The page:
|ronnie scott's 39 Gerrard Street...|
Ronnie Scott and Pete King opened their first club at 39 Gerrard Street, in London's Soho district in 1959. Six years later they moved to larger premises in Frith Street, also in Soho, and just a few doors away from the original place. Pete King, like Ronnie, a tenor saxophonist gave up playing to devote all his energies to running the Club. It has become what is widely regarded as the premier jazz club in the world today and has operated at Frith Street for the past forty years...
Pete King's long partnership with Ronnie Scott is a remarkable tribute to their compatability. You could be forgiven for thinking that Scott, a rather diffident and introspective man offstage was the nail biter of the two with King the rock-steady, feet on the ground man. Not true says Pete:
Ronnie's never been a worrier, his attitude has always been "What can we lose?" - I'm the one who worries.
When Pete and Ronnie founded the club in 1959 they had absolutely no ambition to develop the place into the internationally known nightspot that it became.
The premises were a small basement in Soho's Chinatown and had been a cabbie's cafe by day and a casino at night where Chinese gamblers played fan-tan for cash. The premises had no proper toilet facilities, fire exit or alcohol licence and cosmetic works continued after the club was opened.
I think Ronnie borrowed two or three thousand pounds from his stepfather and we got ourselves in hock on hire purchase. I suppose it was quite a venture for working musicians who were collecting about a fiver a gig in those days - but it was only intended as a place where British musicians could jam...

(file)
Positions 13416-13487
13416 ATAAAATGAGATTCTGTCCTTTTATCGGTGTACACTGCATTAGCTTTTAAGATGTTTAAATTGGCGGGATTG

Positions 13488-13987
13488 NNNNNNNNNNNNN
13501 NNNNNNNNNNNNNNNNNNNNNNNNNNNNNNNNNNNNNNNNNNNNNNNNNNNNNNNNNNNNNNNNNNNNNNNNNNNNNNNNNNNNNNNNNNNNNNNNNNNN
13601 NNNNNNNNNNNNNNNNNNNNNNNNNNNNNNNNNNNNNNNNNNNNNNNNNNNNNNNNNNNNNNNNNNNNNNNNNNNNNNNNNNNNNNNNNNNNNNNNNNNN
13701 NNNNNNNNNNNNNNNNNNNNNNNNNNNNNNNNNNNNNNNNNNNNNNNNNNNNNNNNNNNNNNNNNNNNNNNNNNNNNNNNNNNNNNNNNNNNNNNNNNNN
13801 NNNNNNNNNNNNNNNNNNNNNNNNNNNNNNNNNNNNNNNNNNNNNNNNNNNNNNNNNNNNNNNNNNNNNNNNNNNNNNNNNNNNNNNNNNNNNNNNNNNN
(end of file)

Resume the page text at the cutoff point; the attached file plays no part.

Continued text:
At the beginning the club was unlicensed and this, coupled with the fact that there was no room to dance - yes they actually danced to jazz in those days - meant that attendance was very disappointing. Licensing laws were much tougher then and in order to serve alcohol we had to be a bona fida club with rules and membership cards and all that carry on. We new very little about the booze situation but we did manage to get an 11pm licence.
That still didn't do the trick so our next move was to go out after the name musicians which was not easy in those days. I went to the States and negotiated with the American Federation of Musicians - and that was our first real breakthrough.
It was in November 1961 that Zoot Sims opened a four week season at 39, Gerrard Street and he was the harbinger of a whole string of American guests whose chosen instrument by some astonishing co-incidence happened to be the tenor saxophone - Lucky Thompson, Dexter Gordon, Al Cohn, Johnny Griffin, Roland Kirk, Stan Getz, Sonny Stitt, Ben Webster, Sonny Rollins and Benny Golson.
Despite the star names policy the club was in a disastrous position financially as Pete King continues:
We were never in profit at any stage of the seven years we were at Gerrard Street because the capacity was insufficient to generate enough revenue. We knew that if we were ever going to make it work we would have to get bigger premises, although by this stage our overdraft was substantial.
The original article in the Melody Maker in 1959 announcing the new club. It contains a glaring error in the first sentence in that Ronnie had been co-leader of the Jazz Couriers not the Jazz Committee. Opening night...
The move to 47 Frith Street in 1965
Ronnie Scott: On Friday 31st October, 1959 came the moment which I had been anticipating, off and on, since that night on 52nd Street in 1947 when I'd seen the Charlie Ventura Bop For The People Band in full cry and marvelled at the electric atmosphere of the club. We launched Ronnie Scott's Club with a stentorian fanfare of publicity and a positive fusillade of advertising - a four inch single column spot in the classified section of Melody Maker (right).|